UPDATE 8-Oil falls on Iran president's comments
* Libya oil output up near 40 pct of pre-war level
* U.S. Federal Reserve will continue stimulus
NEW YORK, Sept 19 (Reuters) - Oil fell on Thursday after comments by Iran's president stirred perceptions he could be seeking better relations with the West, easing geopolitical concerns.
Further weakness came as Libyan crude oil production surged back following protests that had disrupted the OPEC nation's oil supplies since last month.
Iranian President Hassan Rouhani said that his country was not seeking war, that Iran would never seek to develop a nuclear weapon, and that he has authority to negotiate a deal with the United States.
Tehran and the West have been at odds over Iran's nuclear ambitions for most of the last decade, leading to sanctions that cut the OPEC members exports and creating concerns that supplies from other producers nearby could be impacted.
The prospect of easing tensions and higher supplies depressed oil prices, even as other commodities and equities rose after the United States Federal Reserve surprised markets by deciding it would keep its monetary stimulus program intact.
"There's a growing realization with the Libyan barrels back on the market and the potential for Iranian oil to come back that we're going to see the international benchmark (Brent) come under pressure," said John Kilduff, a partner at Again Capital LLC in New York, adding that Saudi Arabia's production was at near-record levels as well.
Easing fears of a U.S.-led military strike on Syria also helped to dampen prices, with Western powers meeting for a second day of talks on their draft resolution on eradicating Syria's chemical arsenal.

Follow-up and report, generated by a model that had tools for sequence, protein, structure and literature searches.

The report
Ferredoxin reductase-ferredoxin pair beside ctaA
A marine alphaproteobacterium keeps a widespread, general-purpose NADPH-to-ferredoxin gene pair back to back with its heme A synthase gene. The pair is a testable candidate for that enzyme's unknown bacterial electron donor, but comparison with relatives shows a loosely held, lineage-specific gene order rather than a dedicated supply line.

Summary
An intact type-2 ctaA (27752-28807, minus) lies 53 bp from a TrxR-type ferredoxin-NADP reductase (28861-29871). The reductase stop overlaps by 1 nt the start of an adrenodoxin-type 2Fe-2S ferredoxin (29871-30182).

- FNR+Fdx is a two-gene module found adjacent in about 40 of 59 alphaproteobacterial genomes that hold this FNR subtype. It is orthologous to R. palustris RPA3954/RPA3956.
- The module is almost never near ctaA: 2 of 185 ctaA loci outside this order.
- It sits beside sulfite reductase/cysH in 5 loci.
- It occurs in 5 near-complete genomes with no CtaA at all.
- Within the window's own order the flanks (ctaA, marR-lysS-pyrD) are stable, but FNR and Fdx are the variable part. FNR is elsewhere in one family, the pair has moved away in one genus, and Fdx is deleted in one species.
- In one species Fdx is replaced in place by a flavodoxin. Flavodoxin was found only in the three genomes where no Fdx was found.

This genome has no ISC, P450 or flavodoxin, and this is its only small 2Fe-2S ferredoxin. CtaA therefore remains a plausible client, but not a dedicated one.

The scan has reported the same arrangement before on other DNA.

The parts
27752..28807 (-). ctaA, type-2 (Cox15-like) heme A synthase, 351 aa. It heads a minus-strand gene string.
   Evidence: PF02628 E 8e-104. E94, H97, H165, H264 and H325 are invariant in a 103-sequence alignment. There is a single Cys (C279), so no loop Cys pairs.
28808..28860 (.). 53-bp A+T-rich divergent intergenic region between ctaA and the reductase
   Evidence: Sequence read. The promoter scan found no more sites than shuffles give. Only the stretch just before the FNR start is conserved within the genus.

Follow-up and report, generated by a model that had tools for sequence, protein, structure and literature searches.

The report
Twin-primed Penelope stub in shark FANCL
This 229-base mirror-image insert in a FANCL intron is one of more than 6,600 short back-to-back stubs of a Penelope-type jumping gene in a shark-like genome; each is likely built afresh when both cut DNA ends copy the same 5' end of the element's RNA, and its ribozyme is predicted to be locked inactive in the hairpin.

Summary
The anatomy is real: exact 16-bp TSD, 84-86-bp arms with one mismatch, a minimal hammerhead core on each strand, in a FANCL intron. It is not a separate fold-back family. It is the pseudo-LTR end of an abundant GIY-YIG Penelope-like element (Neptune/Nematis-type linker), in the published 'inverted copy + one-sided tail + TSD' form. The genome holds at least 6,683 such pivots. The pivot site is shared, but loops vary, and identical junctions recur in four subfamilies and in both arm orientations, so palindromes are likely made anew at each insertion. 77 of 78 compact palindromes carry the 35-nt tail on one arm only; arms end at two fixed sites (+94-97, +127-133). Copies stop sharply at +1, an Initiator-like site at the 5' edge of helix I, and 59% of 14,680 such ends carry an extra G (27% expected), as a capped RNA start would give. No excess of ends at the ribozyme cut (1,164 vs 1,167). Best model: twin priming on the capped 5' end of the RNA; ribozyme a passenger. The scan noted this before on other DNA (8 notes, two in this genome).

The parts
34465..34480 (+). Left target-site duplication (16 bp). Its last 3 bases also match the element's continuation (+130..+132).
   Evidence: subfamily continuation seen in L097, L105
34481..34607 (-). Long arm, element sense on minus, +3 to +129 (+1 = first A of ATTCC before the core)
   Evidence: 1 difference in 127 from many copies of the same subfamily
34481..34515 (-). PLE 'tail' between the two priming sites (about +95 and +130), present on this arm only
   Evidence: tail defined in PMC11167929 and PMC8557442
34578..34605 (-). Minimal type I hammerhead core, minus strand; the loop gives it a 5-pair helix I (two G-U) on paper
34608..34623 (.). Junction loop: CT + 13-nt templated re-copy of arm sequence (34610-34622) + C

November Brent crude traded down $1.72 to $108.88 a barrel at 1:49 p.m. (1749 GMT). Losses deepened in a heavy bout of trading around 11:30 a.m. EDT which sent prices down $1 in the span of 30 minutes.
October U.S. crude, which expires on Friday, lost $11.40 to trade at $106.93.
The premium of November Brent to November U.S. crude <CL-LCO1=R> narrowed by 50 cents to $2.80 a barrel in afternoon activity, well off levels of over $8 seen when the Libyan disruptions pushed up prices for the international benchmark.
RBOB gasoline futures led the oil complex lower, falling nearly 5 cents to under $2.70 a gallon, extending gains for the month to over 10 percent so far this month as the U.S. driving gasoline season ended and tight summer gasoline specifications came to an end.
Libya's crude oil production has recovered to nearly 40 percent of its pre-war capacity, officials said on Wednesday with exports set to rise as major western fields ramped up output to 620,000 barrels per day (bpd) after protesters agreed to reopen them.
Brent and U.S. oil both posted their biggest rise in three weeks in the previous session as the Federal Reserve's decision to delay the wind-down of its massive monetary stimulus weakened the dollar and stoked demand for risky assets.
"Crude oil has to trade between Fed relief and Iranian belief," said Olivier Jakob, analyst at Petromatrix in Zug, Switzerland.
(Additional reporting by Simon Falush in London; Editing by Matthew Robinson, Leslie Gevirtz and Jim Marshall)